Tales of the pandemic (2)

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Every house needs one!

In Walden, Thoreau describes a ritual purification and renewal ceremony of the Mucclasse Indians called a “busk” in which annually “they collect all their worn out clothes and other despicable things,” burn them, and start fresh.

In other words, instead of cramming them in closets, jamming them in cellars, insulating attics with them, carving out special rooms for them, assigning them to ungrateful and unsuspecting relatives.

Thoreau wonders whether the “customs of some savage nations might, perchance, be profitably imitated by us.”

Gadfly thinks something like that may be happening in his neighborhood.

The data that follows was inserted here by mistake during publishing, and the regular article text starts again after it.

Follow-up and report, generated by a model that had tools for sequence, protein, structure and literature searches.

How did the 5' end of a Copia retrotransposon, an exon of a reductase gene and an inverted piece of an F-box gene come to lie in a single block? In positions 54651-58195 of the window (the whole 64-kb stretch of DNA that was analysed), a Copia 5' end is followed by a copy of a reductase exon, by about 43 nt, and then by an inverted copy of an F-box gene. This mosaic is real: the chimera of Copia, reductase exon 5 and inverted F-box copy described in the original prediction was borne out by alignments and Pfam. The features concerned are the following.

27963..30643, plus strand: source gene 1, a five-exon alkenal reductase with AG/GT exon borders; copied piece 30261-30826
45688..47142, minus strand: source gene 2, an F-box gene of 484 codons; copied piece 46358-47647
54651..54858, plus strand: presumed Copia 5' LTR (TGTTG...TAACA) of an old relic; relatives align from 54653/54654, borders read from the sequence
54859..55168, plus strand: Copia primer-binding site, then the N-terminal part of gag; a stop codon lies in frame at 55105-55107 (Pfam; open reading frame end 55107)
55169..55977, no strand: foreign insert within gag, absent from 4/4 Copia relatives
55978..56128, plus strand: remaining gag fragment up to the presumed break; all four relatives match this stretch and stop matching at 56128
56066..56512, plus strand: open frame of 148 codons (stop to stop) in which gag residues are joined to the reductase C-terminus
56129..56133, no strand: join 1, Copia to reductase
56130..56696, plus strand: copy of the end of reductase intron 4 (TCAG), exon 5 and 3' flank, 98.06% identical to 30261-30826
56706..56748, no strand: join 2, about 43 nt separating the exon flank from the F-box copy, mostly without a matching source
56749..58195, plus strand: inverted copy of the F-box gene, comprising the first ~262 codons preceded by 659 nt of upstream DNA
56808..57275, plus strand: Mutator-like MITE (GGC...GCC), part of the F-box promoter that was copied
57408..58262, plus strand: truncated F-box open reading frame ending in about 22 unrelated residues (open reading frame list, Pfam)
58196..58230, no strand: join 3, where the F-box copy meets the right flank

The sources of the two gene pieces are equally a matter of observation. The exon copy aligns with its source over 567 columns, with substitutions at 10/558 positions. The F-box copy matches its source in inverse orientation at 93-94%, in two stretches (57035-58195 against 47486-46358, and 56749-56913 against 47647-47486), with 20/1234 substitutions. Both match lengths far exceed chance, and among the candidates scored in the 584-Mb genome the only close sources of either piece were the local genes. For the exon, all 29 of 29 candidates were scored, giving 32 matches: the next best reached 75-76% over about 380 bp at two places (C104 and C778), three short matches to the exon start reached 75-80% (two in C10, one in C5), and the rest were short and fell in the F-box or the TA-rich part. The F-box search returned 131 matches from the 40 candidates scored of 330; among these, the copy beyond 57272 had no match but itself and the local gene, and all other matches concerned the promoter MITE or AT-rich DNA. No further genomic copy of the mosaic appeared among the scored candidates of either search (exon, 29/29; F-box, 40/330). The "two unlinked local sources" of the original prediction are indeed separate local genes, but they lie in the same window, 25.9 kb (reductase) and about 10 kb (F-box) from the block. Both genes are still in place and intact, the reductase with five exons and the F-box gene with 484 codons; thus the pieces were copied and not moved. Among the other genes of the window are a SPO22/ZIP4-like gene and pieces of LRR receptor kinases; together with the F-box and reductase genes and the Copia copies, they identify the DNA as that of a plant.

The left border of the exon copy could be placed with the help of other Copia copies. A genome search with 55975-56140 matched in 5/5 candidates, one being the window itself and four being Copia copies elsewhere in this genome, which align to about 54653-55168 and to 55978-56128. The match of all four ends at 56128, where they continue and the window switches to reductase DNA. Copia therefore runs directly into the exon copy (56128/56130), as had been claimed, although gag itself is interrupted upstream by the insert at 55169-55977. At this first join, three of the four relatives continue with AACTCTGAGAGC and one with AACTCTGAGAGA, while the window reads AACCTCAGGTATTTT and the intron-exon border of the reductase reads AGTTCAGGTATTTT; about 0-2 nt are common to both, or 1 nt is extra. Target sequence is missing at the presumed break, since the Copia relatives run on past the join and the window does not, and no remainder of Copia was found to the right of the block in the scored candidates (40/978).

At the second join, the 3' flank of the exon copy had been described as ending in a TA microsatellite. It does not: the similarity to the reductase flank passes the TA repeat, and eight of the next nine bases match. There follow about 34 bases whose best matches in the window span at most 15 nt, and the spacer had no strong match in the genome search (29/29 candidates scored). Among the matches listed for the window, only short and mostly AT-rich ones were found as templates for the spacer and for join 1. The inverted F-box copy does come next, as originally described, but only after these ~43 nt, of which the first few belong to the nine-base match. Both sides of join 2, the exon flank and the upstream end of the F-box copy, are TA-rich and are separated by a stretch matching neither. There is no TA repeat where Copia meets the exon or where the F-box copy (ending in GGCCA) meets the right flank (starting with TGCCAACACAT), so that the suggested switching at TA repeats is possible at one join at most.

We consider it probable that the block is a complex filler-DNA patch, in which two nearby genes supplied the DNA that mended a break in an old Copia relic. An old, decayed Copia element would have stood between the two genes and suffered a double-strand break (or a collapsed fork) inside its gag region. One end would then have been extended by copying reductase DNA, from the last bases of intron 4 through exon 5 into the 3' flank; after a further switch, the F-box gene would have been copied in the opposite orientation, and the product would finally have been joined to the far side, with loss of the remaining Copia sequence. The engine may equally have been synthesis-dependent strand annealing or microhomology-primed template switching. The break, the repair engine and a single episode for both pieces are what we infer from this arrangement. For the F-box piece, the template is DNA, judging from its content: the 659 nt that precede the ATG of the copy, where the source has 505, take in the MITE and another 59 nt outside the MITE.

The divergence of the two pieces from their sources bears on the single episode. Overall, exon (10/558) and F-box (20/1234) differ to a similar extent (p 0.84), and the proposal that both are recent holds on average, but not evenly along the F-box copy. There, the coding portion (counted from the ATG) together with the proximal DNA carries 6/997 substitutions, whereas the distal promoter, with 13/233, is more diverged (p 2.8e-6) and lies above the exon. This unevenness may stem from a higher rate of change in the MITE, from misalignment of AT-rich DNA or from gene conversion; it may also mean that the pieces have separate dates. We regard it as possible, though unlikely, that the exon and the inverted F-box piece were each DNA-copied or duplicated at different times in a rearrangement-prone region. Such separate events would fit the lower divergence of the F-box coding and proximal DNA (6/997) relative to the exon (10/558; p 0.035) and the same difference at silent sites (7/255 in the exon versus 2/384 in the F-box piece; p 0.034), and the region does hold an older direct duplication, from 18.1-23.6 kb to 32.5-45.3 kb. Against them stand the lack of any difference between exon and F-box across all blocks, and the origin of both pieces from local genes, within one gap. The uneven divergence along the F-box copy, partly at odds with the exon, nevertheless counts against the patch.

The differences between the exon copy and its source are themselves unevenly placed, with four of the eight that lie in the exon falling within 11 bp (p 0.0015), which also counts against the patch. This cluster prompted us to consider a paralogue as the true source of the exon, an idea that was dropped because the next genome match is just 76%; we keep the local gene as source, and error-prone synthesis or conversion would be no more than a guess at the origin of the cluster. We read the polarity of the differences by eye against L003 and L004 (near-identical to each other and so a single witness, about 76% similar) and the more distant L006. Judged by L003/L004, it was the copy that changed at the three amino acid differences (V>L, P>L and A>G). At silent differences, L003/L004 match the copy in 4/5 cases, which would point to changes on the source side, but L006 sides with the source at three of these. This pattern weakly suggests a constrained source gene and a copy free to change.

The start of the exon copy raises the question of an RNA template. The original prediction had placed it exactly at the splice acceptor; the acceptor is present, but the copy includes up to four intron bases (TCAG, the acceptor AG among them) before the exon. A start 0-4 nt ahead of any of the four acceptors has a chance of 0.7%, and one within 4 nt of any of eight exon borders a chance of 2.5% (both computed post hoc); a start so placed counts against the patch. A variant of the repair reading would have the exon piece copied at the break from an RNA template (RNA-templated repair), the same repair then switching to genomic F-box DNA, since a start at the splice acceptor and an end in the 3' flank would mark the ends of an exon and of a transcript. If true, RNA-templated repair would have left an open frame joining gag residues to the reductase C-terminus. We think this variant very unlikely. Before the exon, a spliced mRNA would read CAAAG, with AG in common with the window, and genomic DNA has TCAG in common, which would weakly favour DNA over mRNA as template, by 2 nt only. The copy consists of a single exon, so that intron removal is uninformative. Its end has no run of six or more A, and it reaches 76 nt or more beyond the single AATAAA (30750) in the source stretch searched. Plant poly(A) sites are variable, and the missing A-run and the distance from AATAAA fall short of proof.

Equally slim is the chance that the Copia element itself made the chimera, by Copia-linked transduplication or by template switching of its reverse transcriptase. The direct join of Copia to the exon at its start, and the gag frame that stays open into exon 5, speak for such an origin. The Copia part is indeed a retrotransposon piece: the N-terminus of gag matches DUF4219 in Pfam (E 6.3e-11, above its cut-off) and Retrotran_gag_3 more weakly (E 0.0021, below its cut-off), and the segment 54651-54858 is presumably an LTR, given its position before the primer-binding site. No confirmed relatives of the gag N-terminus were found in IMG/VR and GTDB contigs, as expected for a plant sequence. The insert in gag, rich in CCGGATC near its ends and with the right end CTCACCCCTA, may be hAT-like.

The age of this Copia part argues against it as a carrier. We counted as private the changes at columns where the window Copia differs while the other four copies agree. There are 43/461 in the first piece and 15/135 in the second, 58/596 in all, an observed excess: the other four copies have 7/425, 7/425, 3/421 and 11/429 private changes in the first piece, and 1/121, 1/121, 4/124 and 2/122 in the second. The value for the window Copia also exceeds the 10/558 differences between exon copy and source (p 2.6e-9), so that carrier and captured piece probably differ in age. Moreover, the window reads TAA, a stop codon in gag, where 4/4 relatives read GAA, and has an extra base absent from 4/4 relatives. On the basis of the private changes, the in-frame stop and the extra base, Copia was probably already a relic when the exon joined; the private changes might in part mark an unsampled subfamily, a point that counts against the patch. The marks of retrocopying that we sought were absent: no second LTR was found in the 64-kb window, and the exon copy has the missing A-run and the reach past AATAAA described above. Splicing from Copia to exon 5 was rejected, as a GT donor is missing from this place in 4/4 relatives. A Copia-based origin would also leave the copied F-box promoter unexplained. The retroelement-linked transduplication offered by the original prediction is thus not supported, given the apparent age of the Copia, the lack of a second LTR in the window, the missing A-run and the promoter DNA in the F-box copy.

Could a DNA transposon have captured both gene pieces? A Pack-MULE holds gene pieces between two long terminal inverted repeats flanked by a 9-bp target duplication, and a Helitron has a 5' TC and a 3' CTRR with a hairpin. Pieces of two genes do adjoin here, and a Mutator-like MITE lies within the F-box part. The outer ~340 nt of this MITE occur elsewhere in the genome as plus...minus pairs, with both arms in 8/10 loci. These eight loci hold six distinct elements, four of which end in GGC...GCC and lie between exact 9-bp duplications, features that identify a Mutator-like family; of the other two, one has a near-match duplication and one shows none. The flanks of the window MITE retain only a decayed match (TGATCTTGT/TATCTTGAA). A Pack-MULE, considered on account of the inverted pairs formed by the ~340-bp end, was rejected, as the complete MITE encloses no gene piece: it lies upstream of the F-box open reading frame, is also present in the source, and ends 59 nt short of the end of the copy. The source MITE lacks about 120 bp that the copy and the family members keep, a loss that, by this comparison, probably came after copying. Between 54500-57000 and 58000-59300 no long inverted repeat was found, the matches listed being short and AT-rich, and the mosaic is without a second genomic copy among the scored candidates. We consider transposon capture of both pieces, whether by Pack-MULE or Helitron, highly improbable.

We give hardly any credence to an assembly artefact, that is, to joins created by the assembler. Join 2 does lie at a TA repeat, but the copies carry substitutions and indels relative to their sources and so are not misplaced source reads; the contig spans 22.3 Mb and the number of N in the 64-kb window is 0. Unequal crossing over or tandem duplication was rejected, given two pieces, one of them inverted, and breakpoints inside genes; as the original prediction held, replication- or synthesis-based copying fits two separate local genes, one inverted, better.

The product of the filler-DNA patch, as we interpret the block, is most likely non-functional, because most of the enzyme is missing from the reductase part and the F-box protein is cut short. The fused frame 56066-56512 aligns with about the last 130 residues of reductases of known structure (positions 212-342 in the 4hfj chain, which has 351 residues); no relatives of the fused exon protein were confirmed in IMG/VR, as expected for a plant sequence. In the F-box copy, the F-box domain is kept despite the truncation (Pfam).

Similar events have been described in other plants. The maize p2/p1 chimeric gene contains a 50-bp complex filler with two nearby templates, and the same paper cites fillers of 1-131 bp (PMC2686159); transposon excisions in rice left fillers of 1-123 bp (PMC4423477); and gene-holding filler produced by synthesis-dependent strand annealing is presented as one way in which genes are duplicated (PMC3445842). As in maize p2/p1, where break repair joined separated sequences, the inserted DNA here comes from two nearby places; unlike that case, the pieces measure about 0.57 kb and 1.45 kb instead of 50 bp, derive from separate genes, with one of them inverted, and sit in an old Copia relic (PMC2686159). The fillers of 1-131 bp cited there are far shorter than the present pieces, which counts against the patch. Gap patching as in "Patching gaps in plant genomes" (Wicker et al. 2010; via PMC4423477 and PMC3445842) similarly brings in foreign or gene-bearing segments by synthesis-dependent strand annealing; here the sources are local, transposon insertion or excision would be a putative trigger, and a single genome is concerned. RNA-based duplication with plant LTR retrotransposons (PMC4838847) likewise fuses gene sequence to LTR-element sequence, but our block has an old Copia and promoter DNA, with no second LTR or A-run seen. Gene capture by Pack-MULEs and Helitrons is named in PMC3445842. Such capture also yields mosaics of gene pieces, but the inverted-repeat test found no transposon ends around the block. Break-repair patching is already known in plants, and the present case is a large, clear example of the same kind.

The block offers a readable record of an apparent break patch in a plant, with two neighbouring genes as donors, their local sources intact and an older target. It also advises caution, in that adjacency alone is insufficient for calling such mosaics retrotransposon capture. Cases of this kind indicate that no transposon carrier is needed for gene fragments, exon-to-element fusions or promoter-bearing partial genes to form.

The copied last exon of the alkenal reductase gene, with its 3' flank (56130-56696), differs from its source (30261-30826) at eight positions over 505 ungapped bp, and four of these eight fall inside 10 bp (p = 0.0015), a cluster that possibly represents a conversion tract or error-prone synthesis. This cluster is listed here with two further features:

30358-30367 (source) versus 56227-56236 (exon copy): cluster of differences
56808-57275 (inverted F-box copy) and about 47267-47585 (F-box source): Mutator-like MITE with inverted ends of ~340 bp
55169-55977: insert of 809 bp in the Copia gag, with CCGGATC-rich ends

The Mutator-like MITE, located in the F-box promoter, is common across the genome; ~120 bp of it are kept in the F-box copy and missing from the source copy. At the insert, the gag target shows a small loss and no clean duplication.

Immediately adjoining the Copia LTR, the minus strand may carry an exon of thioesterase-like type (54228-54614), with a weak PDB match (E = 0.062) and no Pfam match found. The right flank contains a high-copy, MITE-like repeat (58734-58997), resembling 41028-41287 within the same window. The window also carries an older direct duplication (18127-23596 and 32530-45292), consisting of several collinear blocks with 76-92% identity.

Huge dumpsters appearing to the east and the west of him. And he envious.

Look at the size of those things! You could put the car in the one on the right! Wouldn’t you like a peek into that house!

Ten weeks in to this damn stay-at-home shut-down merry-go-round, and our stuff is getting on our nerves.

(Do you know the classic George Carlin “stuff” routine?)

You don’t realize how much stuff you have till you have to sit and look at it all day.

If we don’t get out of this domestic virus yoke soon, Gadfly predicts a run on these dumpsters.

No mixing, no sharing allowed. You must socially distance your stuff from your neighbor’s.

Better reserve early.

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